When commencing antiretroviral therapy (anti-HIV therapy) for the first time, improvements in the function of the brain are frequently observed. For example memory and concentration may improve. However, whether these improvements may differ between different anti-HIV therapies is largely unknown.

    The purpose of this study is to compare two different combination anti-HIV therapies over 48 weeks and to assess if differences in improvement in the function of the brain are observed over this period.



Secondary Outcome Measures:
  • brain function [ Time Frame: 48 weeks ] [ Designated as safety issue: No ]
    The study team will assess the brain functions at each visit. Also the blood will be monitored for efficacy of treatment in the two study limbs at all visits (this is part of normal care). Likewise the results of the MRI scans will be compared. The lumbar puncture performed at the final visit will obtain samples of CSF and certain test will be performed on this to examine the differences between the two study treatments. The comparison of the scan and lumbar puncture results will indicate how the brain is differently effected with different treatments.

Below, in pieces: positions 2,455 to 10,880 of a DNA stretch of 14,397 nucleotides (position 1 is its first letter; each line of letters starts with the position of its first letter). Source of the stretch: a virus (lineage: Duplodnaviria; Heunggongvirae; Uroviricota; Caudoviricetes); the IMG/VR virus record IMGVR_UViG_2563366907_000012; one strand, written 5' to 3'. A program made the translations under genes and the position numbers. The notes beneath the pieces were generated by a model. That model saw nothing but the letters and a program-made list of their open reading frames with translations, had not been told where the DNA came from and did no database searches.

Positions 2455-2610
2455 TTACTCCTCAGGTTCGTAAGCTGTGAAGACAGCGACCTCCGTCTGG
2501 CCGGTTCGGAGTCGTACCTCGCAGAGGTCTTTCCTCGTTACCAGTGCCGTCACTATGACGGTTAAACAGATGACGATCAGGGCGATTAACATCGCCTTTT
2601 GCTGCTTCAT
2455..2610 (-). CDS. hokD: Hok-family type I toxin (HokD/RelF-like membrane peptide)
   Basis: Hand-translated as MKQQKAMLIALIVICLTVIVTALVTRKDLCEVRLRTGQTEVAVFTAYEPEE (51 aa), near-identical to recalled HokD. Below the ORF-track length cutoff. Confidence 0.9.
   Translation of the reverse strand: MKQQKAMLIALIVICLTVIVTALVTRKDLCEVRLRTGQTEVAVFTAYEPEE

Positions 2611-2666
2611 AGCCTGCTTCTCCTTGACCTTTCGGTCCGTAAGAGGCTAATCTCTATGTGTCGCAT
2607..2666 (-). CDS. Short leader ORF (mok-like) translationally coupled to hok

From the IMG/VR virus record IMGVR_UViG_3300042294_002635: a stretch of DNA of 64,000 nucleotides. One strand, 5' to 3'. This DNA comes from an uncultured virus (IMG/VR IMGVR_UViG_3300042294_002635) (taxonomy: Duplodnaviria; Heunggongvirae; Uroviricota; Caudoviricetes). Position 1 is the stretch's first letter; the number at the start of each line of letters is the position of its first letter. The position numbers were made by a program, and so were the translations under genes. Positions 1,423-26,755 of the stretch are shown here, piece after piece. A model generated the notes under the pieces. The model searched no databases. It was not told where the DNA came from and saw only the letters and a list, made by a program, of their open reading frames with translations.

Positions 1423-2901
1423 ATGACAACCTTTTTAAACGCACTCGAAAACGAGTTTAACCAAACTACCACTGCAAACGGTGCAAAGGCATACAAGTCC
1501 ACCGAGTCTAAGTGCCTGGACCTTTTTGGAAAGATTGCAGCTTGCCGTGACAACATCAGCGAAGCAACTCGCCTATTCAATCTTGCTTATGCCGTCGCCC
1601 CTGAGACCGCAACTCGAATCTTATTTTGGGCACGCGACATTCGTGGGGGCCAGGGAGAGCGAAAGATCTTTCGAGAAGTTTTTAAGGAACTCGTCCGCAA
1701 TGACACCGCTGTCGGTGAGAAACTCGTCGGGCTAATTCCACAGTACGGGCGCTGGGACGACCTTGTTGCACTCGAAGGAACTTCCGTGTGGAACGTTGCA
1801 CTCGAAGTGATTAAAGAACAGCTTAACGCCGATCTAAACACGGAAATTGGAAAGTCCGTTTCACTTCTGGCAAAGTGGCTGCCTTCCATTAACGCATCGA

Estimated Enrollment: 50
Study Start Date: January 2013
Estimated Study Completion Date: January 2015
Estimated Primary Completion Date: January 2015 (Final data collection date for primary outcome measure)
Arms Assigned Interventions
Active Comparator: standard care

treatment with:

  • atazanavir 300 mg daily
  • ritonavir 100 mg daily
  • tenofovir 245 mg daily*
  • emtricitabine 200 mg daily* * as the fixed dose combination Truvada™
Drug: standard care
  • atazanavir 300 mg daily
  • ritonavir 100 mg daily
  • tenofovir 245 mg daily*
  • emtricitabine 200 mg daily*
Active Comparator: Novel therapeutic approach